A volatile material used in dentistry to provide a protective film or sealant. The solution evaporates to leave a barrier against moisture or irritant substances and can be used under filling material to protect the sensitive dentine underneath.
A substance such as adrenaline used in dentistry to restrict the blood supply by
making the blood vessels contract. This can reduce bleeding of the tissues after
surgery and prolong the effect of the local anaesthetic.
A layer of tooth-coloured material, which is attached to and covers the surface of a
tooth. They are usually made of porcelain or composite resin.
Composite resin veneers can be built up directly on the tooth, while porcelain veneers
are made in the laboratory and are later glued (bonded) on to the tooth.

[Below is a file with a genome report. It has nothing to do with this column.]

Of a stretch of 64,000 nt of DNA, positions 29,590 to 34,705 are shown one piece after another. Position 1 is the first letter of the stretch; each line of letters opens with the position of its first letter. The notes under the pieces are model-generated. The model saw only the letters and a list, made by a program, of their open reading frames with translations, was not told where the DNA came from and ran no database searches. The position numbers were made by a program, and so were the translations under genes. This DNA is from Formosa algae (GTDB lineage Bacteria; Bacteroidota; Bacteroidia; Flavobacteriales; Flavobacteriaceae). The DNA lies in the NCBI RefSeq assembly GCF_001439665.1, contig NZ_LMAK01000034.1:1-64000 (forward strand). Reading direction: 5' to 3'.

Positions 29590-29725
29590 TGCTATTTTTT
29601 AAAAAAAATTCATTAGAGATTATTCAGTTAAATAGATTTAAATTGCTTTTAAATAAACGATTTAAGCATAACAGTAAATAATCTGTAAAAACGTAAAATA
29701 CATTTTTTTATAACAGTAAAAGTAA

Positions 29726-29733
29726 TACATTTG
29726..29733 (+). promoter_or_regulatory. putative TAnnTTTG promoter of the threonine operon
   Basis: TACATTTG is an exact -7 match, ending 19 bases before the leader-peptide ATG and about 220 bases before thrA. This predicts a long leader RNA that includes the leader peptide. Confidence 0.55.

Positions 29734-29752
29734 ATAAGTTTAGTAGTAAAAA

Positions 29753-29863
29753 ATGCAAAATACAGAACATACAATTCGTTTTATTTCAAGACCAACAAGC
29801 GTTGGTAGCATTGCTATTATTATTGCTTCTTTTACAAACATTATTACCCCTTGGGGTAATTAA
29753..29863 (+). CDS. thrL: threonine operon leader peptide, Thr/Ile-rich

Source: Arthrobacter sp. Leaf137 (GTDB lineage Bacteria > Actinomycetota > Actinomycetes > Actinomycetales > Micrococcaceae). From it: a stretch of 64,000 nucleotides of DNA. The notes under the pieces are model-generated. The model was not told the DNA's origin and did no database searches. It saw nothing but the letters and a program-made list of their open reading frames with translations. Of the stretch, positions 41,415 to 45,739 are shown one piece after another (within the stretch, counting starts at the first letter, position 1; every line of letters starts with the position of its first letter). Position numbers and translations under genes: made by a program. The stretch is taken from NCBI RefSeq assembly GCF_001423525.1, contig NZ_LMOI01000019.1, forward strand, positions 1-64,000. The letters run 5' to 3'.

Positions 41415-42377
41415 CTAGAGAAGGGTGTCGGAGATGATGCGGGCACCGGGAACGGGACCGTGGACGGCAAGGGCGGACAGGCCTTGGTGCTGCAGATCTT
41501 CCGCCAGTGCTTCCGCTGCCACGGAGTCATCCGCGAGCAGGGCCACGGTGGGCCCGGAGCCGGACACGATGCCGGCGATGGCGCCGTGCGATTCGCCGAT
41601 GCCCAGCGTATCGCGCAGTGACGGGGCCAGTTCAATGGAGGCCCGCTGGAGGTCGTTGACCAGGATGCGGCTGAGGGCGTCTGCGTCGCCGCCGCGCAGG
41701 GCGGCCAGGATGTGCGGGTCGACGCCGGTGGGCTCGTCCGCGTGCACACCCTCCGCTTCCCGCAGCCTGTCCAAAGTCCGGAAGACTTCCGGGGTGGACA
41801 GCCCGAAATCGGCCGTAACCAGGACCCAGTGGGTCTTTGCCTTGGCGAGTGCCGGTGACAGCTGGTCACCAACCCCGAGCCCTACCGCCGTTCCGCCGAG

A very small amount of enamel is removed from the tooth surface. This is usually
completely pain free Subsequently, the veneer will be glued to the tooth.
An extremely painful ulcerative gingivitis which can be very destructive. It is
indicative that a patient is very run down and debilitated. The condition used to be
referred to as "trench mouth" as it occurred in soldiers in the First World War who
were exhausted from lack of nourishing food and sleep.